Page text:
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Advances in OptoElectronics
Volume 2011 (2011), Article ID 780373, 11 pages
Review Article

Single-SectionFabry-Perot Mode-Locked Semiconductor Lasers

Department of Engineering and Technology, Western Carolina University, Cullowhee, NC 28723, USA

Received 14 September 2010; Revised 17 November 2010; Accepted 8 January 2011

Academic Editor: Yaomin Lin

Copyright © 2011 Weiguo Yang. This is an open access article distributed under the Creative Commons Attribution License, which permits unrestricted use, distribution, and reproduction in any medium, provided the original work is properly cited.


We present a review of the theoretical models and experimental verification of the single-section Fabry-Perot mode-locked semiconductor lasers based on multiple-spatial-mode (MSM) coupling. The mode-locked operation at the repetition rates of 40 GHz and higher and the pulse width of a few picoseconds are confirmed by the intensity autocorrelation, the fast photo detection and RF spectrum, and the optical spectral interference measurement of ultrafast pulse. The spatial mode coupling theory of single-section Fabry-Perot mode-locked semiconductor lasers is also reviewed, and the results are compared with the experimental observations. The small signal modulation response of these lasers, which exhibits high-frequency responses well beyond the relaxation oscillation resonance limit, is also modeled theoretically, and the simulation is verified by the experimental measurements.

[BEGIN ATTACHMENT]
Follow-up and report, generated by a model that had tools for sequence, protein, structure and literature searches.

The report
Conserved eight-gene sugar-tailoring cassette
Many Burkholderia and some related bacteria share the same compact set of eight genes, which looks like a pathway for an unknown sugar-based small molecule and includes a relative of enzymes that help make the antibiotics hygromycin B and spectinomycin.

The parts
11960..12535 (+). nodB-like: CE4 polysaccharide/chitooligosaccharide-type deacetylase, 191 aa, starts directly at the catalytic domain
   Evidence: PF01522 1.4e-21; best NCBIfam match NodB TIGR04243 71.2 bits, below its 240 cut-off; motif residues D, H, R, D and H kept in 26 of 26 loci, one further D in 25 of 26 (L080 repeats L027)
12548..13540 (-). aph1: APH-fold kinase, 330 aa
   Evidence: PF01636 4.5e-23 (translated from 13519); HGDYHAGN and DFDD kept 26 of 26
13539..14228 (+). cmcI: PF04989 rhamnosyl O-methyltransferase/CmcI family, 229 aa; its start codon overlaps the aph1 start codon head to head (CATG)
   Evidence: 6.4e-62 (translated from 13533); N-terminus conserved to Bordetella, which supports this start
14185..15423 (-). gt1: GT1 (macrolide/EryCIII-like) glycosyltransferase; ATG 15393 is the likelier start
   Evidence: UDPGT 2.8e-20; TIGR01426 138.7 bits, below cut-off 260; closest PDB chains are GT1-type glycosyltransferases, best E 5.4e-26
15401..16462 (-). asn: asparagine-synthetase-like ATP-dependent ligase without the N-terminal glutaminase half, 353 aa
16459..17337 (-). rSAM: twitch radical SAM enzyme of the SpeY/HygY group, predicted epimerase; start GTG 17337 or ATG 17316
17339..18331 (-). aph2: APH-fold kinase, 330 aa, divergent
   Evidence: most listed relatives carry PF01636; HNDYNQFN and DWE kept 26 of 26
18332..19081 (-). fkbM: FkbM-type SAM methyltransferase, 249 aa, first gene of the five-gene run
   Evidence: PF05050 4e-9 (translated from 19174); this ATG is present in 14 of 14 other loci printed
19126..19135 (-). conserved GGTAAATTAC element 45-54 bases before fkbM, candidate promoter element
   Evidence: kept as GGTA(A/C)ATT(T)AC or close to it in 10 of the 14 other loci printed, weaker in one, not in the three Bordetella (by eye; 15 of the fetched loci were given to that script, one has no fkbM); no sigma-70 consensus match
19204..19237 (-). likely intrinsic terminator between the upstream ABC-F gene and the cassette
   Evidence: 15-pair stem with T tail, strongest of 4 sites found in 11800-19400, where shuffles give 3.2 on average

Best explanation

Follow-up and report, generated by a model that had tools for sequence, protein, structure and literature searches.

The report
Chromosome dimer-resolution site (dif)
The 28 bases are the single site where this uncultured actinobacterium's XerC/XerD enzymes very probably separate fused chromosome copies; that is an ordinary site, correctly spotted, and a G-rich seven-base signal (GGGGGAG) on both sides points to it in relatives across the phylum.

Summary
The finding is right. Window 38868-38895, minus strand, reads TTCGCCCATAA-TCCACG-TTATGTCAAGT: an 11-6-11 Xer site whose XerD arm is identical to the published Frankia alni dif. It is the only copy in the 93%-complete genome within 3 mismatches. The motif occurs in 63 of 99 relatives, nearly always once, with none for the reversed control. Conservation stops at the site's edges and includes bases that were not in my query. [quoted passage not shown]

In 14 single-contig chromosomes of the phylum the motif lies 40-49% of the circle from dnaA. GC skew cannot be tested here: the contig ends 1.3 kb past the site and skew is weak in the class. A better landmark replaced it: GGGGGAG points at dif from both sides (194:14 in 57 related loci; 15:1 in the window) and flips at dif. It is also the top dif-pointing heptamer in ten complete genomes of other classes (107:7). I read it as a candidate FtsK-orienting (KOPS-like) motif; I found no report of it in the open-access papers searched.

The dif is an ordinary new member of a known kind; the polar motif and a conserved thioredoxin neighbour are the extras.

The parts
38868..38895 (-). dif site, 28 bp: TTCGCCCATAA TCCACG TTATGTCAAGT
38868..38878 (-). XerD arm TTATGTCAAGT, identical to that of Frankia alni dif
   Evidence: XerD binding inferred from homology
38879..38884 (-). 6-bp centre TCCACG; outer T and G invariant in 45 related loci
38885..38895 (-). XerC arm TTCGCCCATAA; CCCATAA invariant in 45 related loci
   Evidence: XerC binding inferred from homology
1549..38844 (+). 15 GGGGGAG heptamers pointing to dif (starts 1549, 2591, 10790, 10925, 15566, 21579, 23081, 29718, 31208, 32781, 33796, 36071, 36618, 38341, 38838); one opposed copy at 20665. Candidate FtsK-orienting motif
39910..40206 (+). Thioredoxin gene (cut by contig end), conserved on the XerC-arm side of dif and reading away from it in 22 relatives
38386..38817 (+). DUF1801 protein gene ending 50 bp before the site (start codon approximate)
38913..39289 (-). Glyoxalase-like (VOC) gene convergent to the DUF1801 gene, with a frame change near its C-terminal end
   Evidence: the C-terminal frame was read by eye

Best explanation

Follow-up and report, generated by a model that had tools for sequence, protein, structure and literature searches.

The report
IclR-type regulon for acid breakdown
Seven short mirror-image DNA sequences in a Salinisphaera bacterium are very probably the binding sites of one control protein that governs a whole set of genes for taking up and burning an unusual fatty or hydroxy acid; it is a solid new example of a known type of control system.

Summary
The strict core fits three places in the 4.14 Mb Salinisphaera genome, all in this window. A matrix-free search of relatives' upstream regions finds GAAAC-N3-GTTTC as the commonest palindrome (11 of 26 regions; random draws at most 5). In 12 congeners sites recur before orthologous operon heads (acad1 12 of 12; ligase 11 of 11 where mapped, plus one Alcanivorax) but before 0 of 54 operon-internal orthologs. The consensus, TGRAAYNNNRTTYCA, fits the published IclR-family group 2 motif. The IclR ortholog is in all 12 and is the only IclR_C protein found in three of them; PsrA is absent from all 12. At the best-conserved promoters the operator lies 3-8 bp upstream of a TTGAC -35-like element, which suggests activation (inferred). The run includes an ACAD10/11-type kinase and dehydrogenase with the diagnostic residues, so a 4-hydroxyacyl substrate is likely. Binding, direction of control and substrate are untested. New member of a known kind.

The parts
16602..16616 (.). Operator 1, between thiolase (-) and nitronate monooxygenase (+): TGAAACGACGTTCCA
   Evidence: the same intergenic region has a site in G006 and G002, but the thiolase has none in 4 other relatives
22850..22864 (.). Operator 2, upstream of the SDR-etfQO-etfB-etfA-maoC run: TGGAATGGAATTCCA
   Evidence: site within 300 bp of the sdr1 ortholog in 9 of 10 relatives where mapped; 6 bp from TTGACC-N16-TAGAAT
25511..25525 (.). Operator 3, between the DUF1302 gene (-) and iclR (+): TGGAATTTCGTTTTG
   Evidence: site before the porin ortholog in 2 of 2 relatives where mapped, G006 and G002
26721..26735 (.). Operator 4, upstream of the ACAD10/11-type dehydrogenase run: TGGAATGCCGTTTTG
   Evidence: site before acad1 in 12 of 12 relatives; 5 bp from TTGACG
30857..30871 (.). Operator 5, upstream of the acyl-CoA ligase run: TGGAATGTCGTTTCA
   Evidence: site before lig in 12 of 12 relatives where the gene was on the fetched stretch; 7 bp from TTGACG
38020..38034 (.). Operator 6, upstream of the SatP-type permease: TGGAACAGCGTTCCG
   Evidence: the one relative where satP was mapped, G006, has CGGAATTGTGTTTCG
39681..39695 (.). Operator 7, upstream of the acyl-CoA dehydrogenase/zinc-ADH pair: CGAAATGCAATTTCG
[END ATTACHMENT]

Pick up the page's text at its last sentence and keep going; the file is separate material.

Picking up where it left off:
1. Introduction